Denise's stint in prison is her new freedom. She plays jail warder Helen Buckley in Correlli, a drama series about a female clinical psychologist working in a men's prison—staring Deborah-Lee Furness in the title role and real prison warders and ex-criminals as extras.

Denise came up with the whole Correlli concept and works hands-on as the show's associate producer, involved in everything from story ideas to casting. When the chance came to take a role in the show, she leapt at the challenge: no make-up, no jewellery, no need to keep smiling.

"Being in such a long-running series as GP, it's very important to me that I do a good job of this role in Correlli. I don't want to let my audience down," Denise explains.

If anything, her audience will be blinking in amazement at Denise's transformation. There is almost nothing womanly about the way she portrays this bitter, butch character. Denise based Helen on the contributions of real female prison officers while researching the Correlli idea, and the writers followed her suggestion.

"These women said it's hard retaining your femininity when you're surrounded by men who give you undivided attention each day and you have to maintain authority.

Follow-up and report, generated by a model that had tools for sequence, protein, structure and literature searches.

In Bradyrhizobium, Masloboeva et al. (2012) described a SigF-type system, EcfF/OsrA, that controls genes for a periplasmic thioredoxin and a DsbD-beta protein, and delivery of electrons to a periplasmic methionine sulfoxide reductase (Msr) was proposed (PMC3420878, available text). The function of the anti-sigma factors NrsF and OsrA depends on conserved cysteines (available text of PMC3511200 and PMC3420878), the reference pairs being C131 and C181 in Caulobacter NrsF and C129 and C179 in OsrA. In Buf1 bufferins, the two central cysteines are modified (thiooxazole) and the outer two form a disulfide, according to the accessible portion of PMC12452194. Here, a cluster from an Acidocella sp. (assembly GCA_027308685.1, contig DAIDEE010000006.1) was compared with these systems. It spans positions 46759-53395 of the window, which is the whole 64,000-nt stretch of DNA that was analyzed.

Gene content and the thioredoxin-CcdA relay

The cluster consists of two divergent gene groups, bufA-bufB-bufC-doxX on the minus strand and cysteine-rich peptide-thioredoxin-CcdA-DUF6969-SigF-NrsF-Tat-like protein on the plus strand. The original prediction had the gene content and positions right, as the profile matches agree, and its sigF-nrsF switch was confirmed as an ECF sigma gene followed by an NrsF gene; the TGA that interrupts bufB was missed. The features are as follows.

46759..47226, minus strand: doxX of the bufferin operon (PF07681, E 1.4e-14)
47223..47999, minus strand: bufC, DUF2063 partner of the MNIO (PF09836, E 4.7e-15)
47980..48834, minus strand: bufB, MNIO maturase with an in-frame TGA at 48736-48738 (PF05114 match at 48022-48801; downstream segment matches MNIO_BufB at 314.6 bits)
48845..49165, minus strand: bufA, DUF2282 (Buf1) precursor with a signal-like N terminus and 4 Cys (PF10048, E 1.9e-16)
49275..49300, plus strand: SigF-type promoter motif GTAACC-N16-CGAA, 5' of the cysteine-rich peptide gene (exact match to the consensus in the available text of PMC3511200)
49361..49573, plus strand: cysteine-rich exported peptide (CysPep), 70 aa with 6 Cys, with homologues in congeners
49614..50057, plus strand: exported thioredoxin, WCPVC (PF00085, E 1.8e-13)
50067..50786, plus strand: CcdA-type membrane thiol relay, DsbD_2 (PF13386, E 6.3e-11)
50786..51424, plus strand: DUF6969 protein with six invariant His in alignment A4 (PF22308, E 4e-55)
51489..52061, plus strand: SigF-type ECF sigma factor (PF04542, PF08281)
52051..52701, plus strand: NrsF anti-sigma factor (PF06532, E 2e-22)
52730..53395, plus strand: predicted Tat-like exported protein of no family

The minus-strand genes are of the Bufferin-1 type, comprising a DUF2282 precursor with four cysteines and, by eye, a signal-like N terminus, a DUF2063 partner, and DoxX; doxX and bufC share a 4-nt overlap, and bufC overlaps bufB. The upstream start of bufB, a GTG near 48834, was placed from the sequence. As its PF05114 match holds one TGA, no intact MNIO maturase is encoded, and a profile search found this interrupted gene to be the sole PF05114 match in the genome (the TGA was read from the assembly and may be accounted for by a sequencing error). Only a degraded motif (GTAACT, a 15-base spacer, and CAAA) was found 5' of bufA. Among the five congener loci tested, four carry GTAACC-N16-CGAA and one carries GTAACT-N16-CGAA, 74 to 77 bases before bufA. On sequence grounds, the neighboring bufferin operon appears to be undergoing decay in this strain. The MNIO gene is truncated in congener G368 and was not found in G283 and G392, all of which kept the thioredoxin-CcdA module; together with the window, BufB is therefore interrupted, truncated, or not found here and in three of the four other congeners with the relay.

"It's a dilemma—it's a bit like eating a steak in front of a starving man," she laughs.

Denise came up with he idea for Correlli on a holiday in her native Scotland. She caught up with a childhood favourite cousin who now works as a prison psychologist—and his experiences set her thinking about TV.

Just weeks later, back in Australia, she struck up a chance conversation at a cocktail party with a woman who was, you guessed it, a prison psychologist.

"I thought this has go to be fate—I'm meant to do this show. I'm an opportunist, and when something slaps you in the face twice, obviously there's a message behind it."

Premiering on the ABC on July 26, Correlli took more than four years to get from idea to screen, with Denise juggling her GP commitments all the way. For several weeks she was plane-hopping between Correlli in Melbourne and GP in Sydney, staggering home in the dark to snatch weekends with her daughter Kylie and husband Andy.

"I didn't have time to scratch myself. I forgot to buy soap the other day and had to wash myself with shampoo! I was the sweetest-smelling actor on the set—even the hairs on my arms were conditioned."

Story: Karen Lateo
Pictures: Tony Feder